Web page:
But I had to believe that I was so special that I was infallible. To honestly assess the systems of faith I held would result in clearly seeing the failures inherent to those systems, so I had to carefully not asses them. Similtaneously, I believed that unexamined life was valueless. Resulting in the further lie of not only being infallible, but having special insight into truth and knowing without examination with truths were worthy of examination. Honestly, I think most hypocrisy is an attempt to “legislate” away another hypocrisy.
Eventually this can only lead you to believe in magic. The special exemptions pile on top of one another creating an identity founded on the idea that you are totally exempt even from anything that you haven’t personally defined. Logically, the only direction this can go is that your thoughts make reality, you can make what is real inside without physical work, merely by the power of belief.
But of course, I couldn’t really change reality by wanting too. Eventually, truth lead me to truth. I sat down with the systems of faith I had, and analyzed them. Of course, they fell apart. Gradually, I met God in all this, and I began to see scripture. It was funny. So much of what had seemed so contradictory in the way of God was not His hypocrisy, but mine. God was consistent within His own definition of Himself, he simply disagreed with the way I preferred to define Him.
Its been a great blessing addressing those last to prime holdouts of lies in my life: my faith in God (religion) and my faith in man (politics). When I let go of what I wanted to be true and accepted what is true, the great storm of my life quited. Like a graphic Renaissance fresco, hidden by blue-nosed Victorian under plaster, as the chunks of hypocrisy and self made lies fell of, my world view becomes more beautiful. The deeper I lived in truth, the less odious God became to me. I’ve even begun to want to love God, this Master Craftsmen who built the reality that dwell in, which is exciting.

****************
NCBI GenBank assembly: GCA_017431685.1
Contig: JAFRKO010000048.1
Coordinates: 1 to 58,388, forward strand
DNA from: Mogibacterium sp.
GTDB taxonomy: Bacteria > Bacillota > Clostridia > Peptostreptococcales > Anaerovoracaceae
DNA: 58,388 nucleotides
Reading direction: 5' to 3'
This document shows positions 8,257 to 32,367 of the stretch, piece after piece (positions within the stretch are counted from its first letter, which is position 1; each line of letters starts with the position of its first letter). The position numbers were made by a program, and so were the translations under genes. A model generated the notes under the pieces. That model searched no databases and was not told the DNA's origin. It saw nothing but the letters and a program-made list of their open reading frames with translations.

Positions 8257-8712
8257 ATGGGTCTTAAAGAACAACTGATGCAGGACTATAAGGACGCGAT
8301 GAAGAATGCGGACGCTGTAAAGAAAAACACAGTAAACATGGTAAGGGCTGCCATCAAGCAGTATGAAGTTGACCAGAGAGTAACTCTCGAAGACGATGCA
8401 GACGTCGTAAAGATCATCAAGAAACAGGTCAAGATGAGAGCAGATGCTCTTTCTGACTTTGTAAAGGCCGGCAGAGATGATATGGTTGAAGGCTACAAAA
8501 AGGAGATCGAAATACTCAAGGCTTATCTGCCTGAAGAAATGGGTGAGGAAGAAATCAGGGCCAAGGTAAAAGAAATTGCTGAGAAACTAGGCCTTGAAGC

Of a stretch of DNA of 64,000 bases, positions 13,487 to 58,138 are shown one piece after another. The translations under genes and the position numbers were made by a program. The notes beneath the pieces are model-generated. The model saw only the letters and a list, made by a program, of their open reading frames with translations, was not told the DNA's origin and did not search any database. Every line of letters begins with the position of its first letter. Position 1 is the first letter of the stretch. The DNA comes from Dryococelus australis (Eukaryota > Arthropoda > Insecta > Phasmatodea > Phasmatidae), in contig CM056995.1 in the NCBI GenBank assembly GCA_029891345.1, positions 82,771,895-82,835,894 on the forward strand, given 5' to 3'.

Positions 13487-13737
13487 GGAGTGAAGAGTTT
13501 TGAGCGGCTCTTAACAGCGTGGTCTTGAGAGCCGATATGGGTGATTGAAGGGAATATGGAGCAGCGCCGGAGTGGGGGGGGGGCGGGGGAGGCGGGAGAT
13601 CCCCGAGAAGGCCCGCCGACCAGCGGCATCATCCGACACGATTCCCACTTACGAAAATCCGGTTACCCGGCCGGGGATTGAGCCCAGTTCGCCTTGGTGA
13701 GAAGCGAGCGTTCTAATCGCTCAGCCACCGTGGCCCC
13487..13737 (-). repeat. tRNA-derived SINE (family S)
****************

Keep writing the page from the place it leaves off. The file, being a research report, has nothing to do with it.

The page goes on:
The unexpected side effect of all this is growing sense of alienation from those around me. When the pursuit of life’s truths, even the simple ones, is more important to you than which group you belong to, no group fits anymore. There is no handle to grab a hold of my identity with anymore.
I’m started to want to know Christ, but I am not a Christian. I love the stars and the moon and the trees, I believe they are important and spiritual, but I am not a Pagan, or even a hippie. I’ve read the Koran, but I am not Muslim. The truths in the religions I study are far more important to me than the opinions their adherents. So I don’t fit in anywhere anymore.
That’s OK with me, its just a weird feeling. Tonight we celebrated New Year’s Eve with a lovely Catholic couple we know. I looked at the crucifixes on their throats, on their walls, and on their refrigerator door and I wished I could have one simple thing that could tell the world who I am, and attract people who share my path to me, a simple symbol that represented a whole code, a people, a way of life, and a single purpose. Sometimes I when I look at a menorah, or a crucifix, and even, once in a great while, an ichthus (the “Jesus Fish”) I feel this deep, aching longing to be part of.
But, I sigh, I will not belong to them for all the wishing, because wishing does not make reality, even when I wish it does. Truth remains, and hopefully always will remain, more important to me than belonging to a group who claims to have it.